Illustration by Hanoch Piven
Illustration: Hanoch Piven

After Mayor Rahm Emanuel abruptly declared the end of his reelection bid in September, he wasted no time announcing his first post–City Hall plans. Like many a beleaguered figure in transition before him, he’s — shocker! — writing a book, this one due out in 2020 and partly based on his eight years managing the country’s third-largest city.

Of course, Emanuel’s literary pursuits will take him only so far after he leaves office in May. The 58-year-old near-career politician is still ambitious, combative, and relatively young. The first time he left politics, in the late ’90s, he pursued a highbrow get-rich-quick scheme as an investment banker. And you can bet he’ll follow the money into the private sector again.

Many of his detractors see him as an unsympathetic corporatist who ignored low-income neighborhoods and failed at managing some critical city functions. But that baggage won’t burden him nearly as much in the business world. Especially when you factor in the contacts he’s accrued from his prodigious fundraising for the Democrats — along with stints in the White House (on the staffs of Clinton and Obama) and Congress.

“The success he’s had is bankable,” says Chris Mooney, professor of political science at the University of Illinois at Chicago. “He’s had problems with the Chicago public schools, but no one is going to hire him to run a school system. He’s had problems with crime, but no one is hiring him to run a police department.”

Emanuel understands the intricacies (and politics) of cobbling together funding from various sources — from the federal government to private companies — to fuel projects such as the $8.5 billion expansion of O’Hare International Airport. It’s a skill set commercial builders and developers would value. “They’ll want his views toward downtown investment or how to build a complicated mixed-use development with all the moving parts and costs,” says David Greising, CEO of the Better Government Association and a veteran business journalist.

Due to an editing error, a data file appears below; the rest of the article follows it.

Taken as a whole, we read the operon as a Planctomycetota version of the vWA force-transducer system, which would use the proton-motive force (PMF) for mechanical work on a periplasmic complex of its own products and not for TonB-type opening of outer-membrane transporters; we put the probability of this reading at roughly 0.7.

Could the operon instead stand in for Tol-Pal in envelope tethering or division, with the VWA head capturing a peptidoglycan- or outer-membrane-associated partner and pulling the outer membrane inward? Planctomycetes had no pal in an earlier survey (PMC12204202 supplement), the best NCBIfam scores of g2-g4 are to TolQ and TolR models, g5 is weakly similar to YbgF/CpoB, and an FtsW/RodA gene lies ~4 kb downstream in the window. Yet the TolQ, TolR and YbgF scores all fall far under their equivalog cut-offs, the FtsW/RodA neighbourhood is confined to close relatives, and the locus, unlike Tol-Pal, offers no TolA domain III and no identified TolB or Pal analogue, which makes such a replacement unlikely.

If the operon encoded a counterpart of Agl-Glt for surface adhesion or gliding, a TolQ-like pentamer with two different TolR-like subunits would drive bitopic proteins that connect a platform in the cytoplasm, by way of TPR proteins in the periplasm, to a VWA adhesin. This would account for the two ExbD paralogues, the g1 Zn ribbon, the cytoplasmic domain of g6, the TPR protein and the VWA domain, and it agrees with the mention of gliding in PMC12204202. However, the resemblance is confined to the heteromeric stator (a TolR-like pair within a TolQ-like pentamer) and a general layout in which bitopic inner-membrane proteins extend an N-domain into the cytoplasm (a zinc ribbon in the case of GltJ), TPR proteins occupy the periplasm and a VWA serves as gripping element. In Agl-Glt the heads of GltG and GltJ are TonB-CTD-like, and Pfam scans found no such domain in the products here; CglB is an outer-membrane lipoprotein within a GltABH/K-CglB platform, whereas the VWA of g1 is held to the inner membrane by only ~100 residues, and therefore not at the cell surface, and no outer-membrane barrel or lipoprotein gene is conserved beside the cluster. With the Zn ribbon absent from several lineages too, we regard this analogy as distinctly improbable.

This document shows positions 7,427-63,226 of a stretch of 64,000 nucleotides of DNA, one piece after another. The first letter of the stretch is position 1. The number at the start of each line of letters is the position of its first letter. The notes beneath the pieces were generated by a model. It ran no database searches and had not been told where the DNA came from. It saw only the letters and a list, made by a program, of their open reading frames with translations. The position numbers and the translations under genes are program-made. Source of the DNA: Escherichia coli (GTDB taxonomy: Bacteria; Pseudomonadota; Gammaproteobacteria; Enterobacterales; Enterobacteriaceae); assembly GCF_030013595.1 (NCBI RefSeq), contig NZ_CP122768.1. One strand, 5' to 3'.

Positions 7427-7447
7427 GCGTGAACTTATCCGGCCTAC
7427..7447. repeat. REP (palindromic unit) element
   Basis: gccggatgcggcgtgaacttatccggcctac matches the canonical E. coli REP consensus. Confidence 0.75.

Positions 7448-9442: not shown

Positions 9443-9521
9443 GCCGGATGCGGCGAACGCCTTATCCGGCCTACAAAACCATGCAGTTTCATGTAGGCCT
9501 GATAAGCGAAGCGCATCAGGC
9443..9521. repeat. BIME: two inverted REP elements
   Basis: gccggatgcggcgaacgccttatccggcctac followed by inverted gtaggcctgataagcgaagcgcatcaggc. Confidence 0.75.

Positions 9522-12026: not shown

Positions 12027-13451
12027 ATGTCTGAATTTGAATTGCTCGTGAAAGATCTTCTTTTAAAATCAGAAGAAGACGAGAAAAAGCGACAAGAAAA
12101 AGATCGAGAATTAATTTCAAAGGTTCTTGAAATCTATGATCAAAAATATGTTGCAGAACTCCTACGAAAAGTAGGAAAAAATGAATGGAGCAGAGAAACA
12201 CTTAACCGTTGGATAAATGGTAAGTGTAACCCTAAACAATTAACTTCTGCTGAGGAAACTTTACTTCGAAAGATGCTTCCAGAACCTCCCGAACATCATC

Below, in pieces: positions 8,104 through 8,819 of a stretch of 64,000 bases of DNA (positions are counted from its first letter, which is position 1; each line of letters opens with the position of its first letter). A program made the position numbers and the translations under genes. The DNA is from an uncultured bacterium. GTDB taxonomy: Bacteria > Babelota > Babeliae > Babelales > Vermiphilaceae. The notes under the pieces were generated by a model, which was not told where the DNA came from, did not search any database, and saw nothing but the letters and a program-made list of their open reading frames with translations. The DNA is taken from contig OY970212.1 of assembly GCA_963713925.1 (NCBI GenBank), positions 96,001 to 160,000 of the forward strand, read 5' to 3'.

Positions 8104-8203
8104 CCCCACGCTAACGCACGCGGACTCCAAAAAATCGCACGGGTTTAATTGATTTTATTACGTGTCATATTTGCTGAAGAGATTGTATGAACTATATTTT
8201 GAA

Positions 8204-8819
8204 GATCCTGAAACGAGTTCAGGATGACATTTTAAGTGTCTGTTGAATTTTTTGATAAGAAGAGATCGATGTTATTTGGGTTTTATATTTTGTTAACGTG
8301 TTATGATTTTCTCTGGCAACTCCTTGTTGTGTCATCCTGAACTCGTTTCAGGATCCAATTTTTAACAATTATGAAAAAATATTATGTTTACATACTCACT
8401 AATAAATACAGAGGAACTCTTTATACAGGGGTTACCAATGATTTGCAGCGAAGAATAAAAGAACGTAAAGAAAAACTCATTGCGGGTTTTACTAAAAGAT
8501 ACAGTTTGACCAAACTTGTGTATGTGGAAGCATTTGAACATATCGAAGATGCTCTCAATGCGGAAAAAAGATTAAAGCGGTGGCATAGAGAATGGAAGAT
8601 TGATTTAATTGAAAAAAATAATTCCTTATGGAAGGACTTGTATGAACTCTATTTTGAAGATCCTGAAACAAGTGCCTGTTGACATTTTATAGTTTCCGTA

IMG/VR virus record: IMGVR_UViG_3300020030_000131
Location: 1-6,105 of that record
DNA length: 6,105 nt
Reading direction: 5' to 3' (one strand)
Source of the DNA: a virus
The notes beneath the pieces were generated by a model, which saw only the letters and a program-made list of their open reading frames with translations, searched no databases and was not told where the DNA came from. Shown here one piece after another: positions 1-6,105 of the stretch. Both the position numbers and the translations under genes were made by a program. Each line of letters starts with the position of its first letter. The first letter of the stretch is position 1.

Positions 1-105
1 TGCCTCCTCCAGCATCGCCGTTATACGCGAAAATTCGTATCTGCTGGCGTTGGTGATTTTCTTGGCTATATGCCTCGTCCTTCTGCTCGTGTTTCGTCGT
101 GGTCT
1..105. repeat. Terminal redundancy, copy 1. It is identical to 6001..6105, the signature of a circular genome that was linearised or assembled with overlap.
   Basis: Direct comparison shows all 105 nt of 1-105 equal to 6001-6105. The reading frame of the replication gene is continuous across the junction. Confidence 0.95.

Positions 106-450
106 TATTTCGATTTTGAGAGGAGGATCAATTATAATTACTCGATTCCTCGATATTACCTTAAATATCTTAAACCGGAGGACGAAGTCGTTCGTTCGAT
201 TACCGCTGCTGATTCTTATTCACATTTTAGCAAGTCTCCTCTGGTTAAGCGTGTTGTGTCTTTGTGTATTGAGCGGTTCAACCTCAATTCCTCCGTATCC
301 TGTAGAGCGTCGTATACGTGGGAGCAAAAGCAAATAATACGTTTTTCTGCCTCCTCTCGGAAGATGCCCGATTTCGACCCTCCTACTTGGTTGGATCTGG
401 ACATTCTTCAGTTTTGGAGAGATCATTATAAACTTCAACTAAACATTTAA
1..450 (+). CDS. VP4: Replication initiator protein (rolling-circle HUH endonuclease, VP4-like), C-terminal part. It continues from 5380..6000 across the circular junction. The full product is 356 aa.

Likewise, Emanuel could be a natural fit at a private equity firm that specializes in mergers and acquisitions. Possible destinations? A local shop like Madison Dearborn Partners, tech-oriented Kleiner Perkins on the West Coast, or an elite New York investment house with international ties, speculate executive recruiters. “Rahm’s always been a deal guy,” says Tom Gimbel, CEO of headhunter LaSalle Network. “And he doesn’t have to stay in Chicago.”

Emanuel’s background also makes him a natural candidate to become a superadviser, sitting on company boards as was the case with his predecessor, Richard M. Daley, who became a Coca-Cola Company director after leaving office. Or maybe company chiefs will approach him as a high-priced consigliere for when they get in a jam or seek to expand in or relocate to Chicago.

What placement experts — most of whom spoke only on background — don’t see: Emanuel hitching himself to a senior executive or even a CEO post. Too boring and unchallenging, they say, for someone who’s consistently juggled intense urban issues, agendas, and constituencies. “Running a major city can be more complex than running a major business,” says Rick Cobb, executive vice president at Challenger, Gray & Christmas, an outplacement and executive consulting firm.

Perhaps most telling about where he’ll veer next is where he’s been: The first time he left politics, when he leapt from the Clinton administration to the Chicago office of investment banking firm Wasserstein Perella & Co., he earned a reported $16 million in three years — mainly from helping to negotiate an $8 billion utility company merger that spawned Exelon Corporation.

Emanuel wasn’t shy then about cashing in on his vast network of contacts. He also didn’t abandon his corporate friends once he returned to public service — something that should pay off for him now, with an abundance of next-career opportunities.